My Friend The Monkey
If your daughter, or son, came to you and said they wanted a monkey as a pet; would you know what to say?
Baby monkeys, with their large-eyed, little-featured appearance, remind us so much of a human infant, they can’t help but tug at our heartstrings. As a result, we long to cuddle and take care of them as our beloved pets. However, these babies grow up into adult monkeys that are difficult and destructive and as such are not very good pets. Their intelligence makes us feel a huge affiliation for them, but ultimately it is this very thing that makes them too much of a challenge.
Owning a monkey is a long-term commitment, because monkeys can live for 20-40 years easily. Much like having a child with a developmental disability, they can’t go without your constant supervision and attention just because life gets hectic. Any change can be hard for them, so major life events that change your living situation, like having children or getting married, can be disruptive for them. They may not warm up to your children or spouse because they become so bonded to their original owners.
Feeding a monkey can be expensive as they have special diets, and a rather significant amount of time must be allotted to the preparation of this food. A major amount of time is spent just caring for and cleaning up after them, and they need a lot of attention and social interaction from their owners. If they do not receive adequate attention, they will develop severe behavioral problems.
Your sweet little baby monkey will one day grow up to be a wild adult monkey and that won’t change just because they are living with humans. Depriving a monkey of interaction with other monkeys actually can cause a lot of aggression and neurotic behaviors. They may bite. If they get bored, they may attack. You may get lucky and have one that is docile, but as they are wild animals they can turn on anyone at anytime, even their beloved owners.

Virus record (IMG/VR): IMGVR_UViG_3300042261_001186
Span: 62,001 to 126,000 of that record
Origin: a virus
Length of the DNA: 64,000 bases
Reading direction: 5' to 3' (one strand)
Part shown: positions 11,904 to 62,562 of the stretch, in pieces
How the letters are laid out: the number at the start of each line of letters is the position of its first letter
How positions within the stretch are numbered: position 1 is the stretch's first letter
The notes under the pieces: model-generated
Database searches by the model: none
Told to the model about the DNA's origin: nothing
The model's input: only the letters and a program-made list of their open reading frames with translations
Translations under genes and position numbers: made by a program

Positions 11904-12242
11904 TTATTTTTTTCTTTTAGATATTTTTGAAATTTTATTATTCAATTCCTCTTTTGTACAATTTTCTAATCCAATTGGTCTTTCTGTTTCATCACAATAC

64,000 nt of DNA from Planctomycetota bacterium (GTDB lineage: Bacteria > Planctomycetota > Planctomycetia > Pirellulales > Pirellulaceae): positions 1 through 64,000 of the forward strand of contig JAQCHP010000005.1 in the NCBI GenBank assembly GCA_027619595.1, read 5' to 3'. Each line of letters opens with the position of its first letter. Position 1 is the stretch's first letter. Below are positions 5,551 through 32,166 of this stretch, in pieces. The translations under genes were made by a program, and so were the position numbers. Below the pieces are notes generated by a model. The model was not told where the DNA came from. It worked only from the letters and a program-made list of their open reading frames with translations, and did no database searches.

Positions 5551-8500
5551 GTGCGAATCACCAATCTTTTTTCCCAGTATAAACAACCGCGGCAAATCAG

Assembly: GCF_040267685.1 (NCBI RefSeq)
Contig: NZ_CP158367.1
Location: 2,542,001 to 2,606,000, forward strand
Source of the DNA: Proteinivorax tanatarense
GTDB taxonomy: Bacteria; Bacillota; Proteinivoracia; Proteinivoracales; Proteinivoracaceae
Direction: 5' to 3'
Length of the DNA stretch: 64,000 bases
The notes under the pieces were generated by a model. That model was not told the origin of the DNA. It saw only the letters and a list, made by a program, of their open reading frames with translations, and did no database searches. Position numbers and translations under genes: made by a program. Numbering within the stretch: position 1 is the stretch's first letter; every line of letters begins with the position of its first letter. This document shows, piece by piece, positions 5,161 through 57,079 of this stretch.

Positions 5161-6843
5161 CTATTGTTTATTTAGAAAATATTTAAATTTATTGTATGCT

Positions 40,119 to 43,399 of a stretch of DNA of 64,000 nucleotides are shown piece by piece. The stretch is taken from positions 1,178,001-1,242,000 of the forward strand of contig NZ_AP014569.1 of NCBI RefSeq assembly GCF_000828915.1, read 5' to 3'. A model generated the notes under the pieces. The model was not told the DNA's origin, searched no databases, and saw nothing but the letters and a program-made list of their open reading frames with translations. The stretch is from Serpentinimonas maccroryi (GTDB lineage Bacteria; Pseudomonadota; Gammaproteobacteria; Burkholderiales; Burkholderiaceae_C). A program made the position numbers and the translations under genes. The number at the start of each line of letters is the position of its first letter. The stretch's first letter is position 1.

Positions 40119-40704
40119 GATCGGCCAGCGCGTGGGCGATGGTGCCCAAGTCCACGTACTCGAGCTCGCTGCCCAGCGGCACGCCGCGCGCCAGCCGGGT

If you don’t have a large enclosure for them to spend time outdoors, then you will not be very successful at keeping a monkey contented. They need a lot of outdoor time in a secure area, with lots of ever-changing toys and equipment such as tire swings. Keep them stimulated or suffer the consequences.
Monkeys are a mess to clean up after. They can’t be potty-trained or if they do get successfully trained, they will not stay that way. You can diaper them, but sometimes monkeys will still reach in and grab feces and throw them around. As well, taking off their own diapers and urinating on your possessions, is not uncommon.
Keeping a monkey may also not be very healthy for you or for the monkey. There are a wide range of diseases that can be passed back and forth between humans and primates and some of these diseases that wouldn’t kill a person, could be detrimental to a monkey’s health. Finding a vet that will agree to treat a primate is also a challenge.
And lastly, if after all of these cons, you still want to go forward with getting a monkey for a pet, make sure you check on the legalities in your area surrounding owning primates as pets. It is illegal in some states.
So if your daughter, or son, came to you and said they wanted a pet monkey; would you know what to say now? I would get them to read this article and then present them with a stuffed monkey; here is your new friend.